• Job Openings: The number of job openings on the last day of February was 8.756 million, relatively stable from the level in January and near the lowest level since the beginning days of the pandemic. Over the past 12 months job openings have fallen about 1.1 million and are down about 3.4 million from the record high of 12.18 million exactly two years ago. However, there are still about 1.5 million more job openings than there were prior to the pandemic. On the other hand, the number of “separations” rose 110k to 5.559 million, with 3.484 million of those coming from quits which has held steady for three months now, and layoffs which were 1.724 million and risen 128k from last month and steadily increased the past several months.
  • ADP Employment: ADP says its payroll data showed 184,000 new private payrolls in March, a little above the consensus expectation of 150,000. It said job gains were the strongest since July and were strong across all industries, led by leisure and hospitality. Its data also showed pay gains surprised with a much larger increase than expected, particularly because of the industries seen in (construction & manufacturing).
  • Jobless Claims: The number of jobless claims for the week ended March 30 was 221,000, an increase of 9k from the prior week and continuing to come in at a tight range between 200k and 225k. The four-week average saw a slight increase at 214k. The number of continuing claims declined 19k to 1.791 million, which has remained relatively unchanged since July, but reaching a post-pandemic peak around 1.829 million in January.
  • PMI Survey: The PMI manufacturing index was 51.9, above the 50 breakeven level for the third straight month now, indicating growing manufacturing conditions. The report noted softening new orders, but nearly everything else that improved included a growth in production and employment. The report did note “sharper rises in both input costs and output prices” however.
  • ISM Survey: The ISM manufacturing index was 50.3 for March, up 2.5 points and the first time 50 in months in 17 months. This report noted an improvement in new orders with stronger demand with fewer respondents reporting “soft” conditions. The prices index moved higher amid higher commodity costs.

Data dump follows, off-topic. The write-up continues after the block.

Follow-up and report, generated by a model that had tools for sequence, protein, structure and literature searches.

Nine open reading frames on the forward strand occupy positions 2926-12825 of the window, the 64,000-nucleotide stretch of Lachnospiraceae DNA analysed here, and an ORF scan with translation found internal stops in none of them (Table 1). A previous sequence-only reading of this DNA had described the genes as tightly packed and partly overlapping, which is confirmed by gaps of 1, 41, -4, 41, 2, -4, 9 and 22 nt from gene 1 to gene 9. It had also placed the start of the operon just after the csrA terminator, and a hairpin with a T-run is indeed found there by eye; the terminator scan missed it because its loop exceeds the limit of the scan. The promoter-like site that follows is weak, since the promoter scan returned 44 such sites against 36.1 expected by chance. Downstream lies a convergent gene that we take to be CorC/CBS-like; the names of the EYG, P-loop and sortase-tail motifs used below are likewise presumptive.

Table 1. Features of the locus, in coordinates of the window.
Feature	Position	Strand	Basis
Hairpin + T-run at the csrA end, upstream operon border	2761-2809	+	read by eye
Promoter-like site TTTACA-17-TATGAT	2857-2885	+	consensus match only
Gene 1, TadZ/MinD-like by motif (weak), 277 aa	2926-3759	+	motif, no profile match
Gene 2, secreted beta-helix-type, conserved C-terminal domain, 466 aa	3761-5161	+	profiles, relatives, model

• ISM Services Survey: The ISM services index was 51.4 for March, the weakest level since September, driven by a deceleration in new orders which was 54.4 – still in expansion territory but lower than recent months. The big news was a deceleration in the prices paid index, which fell to 53.4 for the lowest since March 2020.
  • Construction Spending: Construction spending declined 0.3% in February, the second consecutive decline after 12 straight months of increases. Construction spending has been strong compared to a year ago, rising 10.7% with both residential and nonresidential spending contributing, rising 6.5% and 14.2% from a year ago, respectively.
  • Vehicle Sales: The number of vehicle sales in March was 15.5 million, on a annualize rate, below the 16.0 million expected and slightly below 15.8 million seen in February. This is above the 14.9 million rate in March 2023, but vehicle sales are still below the pre-pandemic trend of about 17.5 million.
  • Trade Deficit: The trade deficit in February widened by another $1.3 billion in the month compared to January to a monthly deficit of $68.9 billion. The wider deficit was due to a $7.1 billion increase, or 2.2% increase, in imports, only partially offset by a $5.8 billion increase, or 2.3% increase in exports. That deficit number is a direct impact to GDP – a wider number subtracts from GDP. Another way to view the trade data is looking at volume of trade to gauge activity. Here, the volume increased a pretty strong $12.9 billion, or 2.2% overall compared to January and up 3.4% from a year ago.

Company News

  • Tesla’s Troubles: Tesla shares moved lower last week after it reported it delivered 387k vehicles in the first quarter, well below the estimate of about 455k, which was already reduced several times through the quarter. In addition, it said it produced 433k vehicles. Tesla said the decline was partially due to the early phase of the production ramp in the updated Model 3 and factory shutdowns from shipping delays.
  • Medicare Advantage Increase: Health insurance stocks were under pressure last week after news came from the CMS (Centers for Medicare & Medicaid Services) that Medicare advantage plans will only be getting a 3.7% payment increase in 2025, which was proposed by the government in January. This came as a surprise to most, as only once in the past 10 years have final rates not improved from the governments initial proposal, according to Bloomberg.
  • Endeavor Group M&A: Private equity group Silver Lake Management announced it has agreed to acquire the sports and entertainment company Endeavor Group in a deal valued at $13 billion by buying the remaining shares it does not already own for $27.50/share, a 9.1% increase from where shares traded prior to the announcement. Endeavor Group is the controlling investor in sports properties such as Ultimate Fighting Championship (UFC), World Wrestling Entertainment (WWE), and Professional Bull Rider (PBR), among many others.